Esko Männikko, "Untitled," from the series "Harmony Sisters," year N/A
Kenneth Josephson, "Matthew," 1963, Kenneth Josephson/Higher Pictures, Courtesy of Gitterman Gallery, New York
Abelardo Morell, "Me and My Camera," 1991, Copyright Abelardo Morell, Courtesy of Bonni Benrubi Gallery, New York
Rachel Perry Welty, "Lost in My Life," 2010
Mitch Epstein, "Untitled, New York," 1996
Anne Collier, "Eye (Black and White)," 2009
Lisa Kereszi, "Thrilling, Neon Sign, Niagara Falls, Canada," 2005, Courtesy of Anton Kern Gallery, New York
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Incognito: The Hidden Self-Portrait

Photographers reveal themselves in shadows, reflections and silhouettes for subliminal self portraits

by Roman Espejo
on 06 August 2010

Experimenting with indirect ways to reveal themselves in the eye of the camera, the artists currently on display in "Incognito: The Hidden Self-Portrait" at NYC's Yancey Richardson Gallery play with shadows, reflections and silhouettes for a subliminal self portrait like Lisa Kereszi's above.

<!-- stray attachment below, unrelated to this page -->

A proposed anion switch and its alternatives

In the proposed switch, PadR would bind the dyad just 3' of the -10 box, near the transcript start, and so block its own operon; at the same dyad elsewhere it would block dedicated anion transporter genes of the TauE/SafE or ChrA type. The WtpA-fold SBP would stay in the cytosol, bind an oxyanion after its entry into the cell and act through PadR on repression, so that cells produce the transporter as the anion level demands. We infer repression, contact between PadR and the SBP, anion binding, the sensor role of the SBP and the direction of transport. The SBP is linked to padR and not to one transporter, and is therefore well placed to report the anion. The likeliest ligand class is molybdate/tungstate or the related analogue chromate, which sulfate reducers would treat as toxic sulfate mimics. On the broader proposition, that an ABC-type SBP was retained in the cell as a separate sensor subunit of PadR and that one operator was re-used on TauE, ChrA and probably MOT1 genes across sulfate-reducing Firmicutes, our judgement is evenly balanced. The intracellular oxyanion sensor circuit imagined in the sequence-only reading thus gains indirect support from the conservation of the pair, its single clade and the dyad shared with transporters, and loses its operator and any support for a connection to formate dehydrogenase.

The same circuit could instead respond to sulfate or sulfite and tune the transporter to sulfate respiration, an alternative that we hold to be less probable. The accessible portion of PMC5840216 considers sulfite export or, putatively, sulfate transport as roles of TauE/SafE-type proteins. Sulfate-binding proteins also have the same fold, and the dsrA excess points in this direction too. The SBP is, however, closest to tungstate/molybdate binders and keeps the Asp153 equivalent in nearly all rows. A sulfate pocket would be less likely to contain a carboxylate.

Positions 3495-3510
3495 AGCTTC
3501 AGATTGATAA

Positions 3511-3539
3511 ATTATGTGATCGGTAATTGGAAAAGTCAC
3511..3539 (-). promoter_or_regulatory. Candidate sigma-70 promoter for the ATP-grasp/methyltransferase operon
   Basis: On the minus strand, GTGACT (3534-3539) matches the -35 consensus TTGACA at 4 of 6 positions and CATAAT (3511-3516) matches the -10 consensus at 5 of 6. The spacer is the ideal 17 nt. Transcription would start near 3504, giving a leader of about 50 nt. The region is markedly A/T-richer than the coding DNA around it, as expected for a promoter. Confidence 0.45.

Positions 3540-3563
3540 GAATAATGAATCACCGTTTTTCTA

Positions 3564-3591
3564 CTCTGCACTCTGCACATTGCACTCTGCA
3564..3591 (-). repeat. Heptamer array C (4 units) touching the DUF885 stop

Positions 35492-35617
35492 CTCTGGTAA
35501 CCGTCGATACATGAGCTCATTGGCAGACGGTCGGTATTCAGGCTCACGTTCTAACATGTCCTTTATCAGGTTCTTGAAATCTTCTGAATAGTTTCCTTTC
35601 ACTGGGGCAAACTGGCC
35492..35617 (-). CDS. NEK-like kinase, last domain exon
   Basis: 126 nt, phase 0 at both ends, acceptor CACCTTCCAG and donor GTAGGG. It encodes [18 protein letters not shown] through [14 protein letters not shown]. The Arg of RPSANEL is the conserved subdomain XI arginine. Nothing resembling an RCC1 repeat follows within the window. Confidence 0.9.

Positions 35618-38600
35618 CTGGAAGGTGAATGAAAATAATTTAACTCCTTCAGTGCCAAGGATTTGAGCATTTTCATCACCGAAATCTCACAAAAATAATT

The images range from the autobiographical to the conceptual, with each artist conveying their own perception of themselves in a different way. Juxtaposition of man and beast, Finnish artist Esko Männikko catches his reflection in the dark pool of a horse's eye in "Untitled," from the series "Harmony Sisters," while photographer Kenneth Josephson casts his shadow over his infant son in "Matthew," conveying the parental bonds of care and protection. The artist as chameleon, Rachel Perry Welty disappears into her surroundings in "Lost in My Life." In "Me and My Camera," Cuban-born photographer Abelardo Morell captures his own blurred image in a viewfinder for a snapshot of self-reflexivity.

"Incognito" is on view through 27 August 2010. View selected works from the show in the gallery below.

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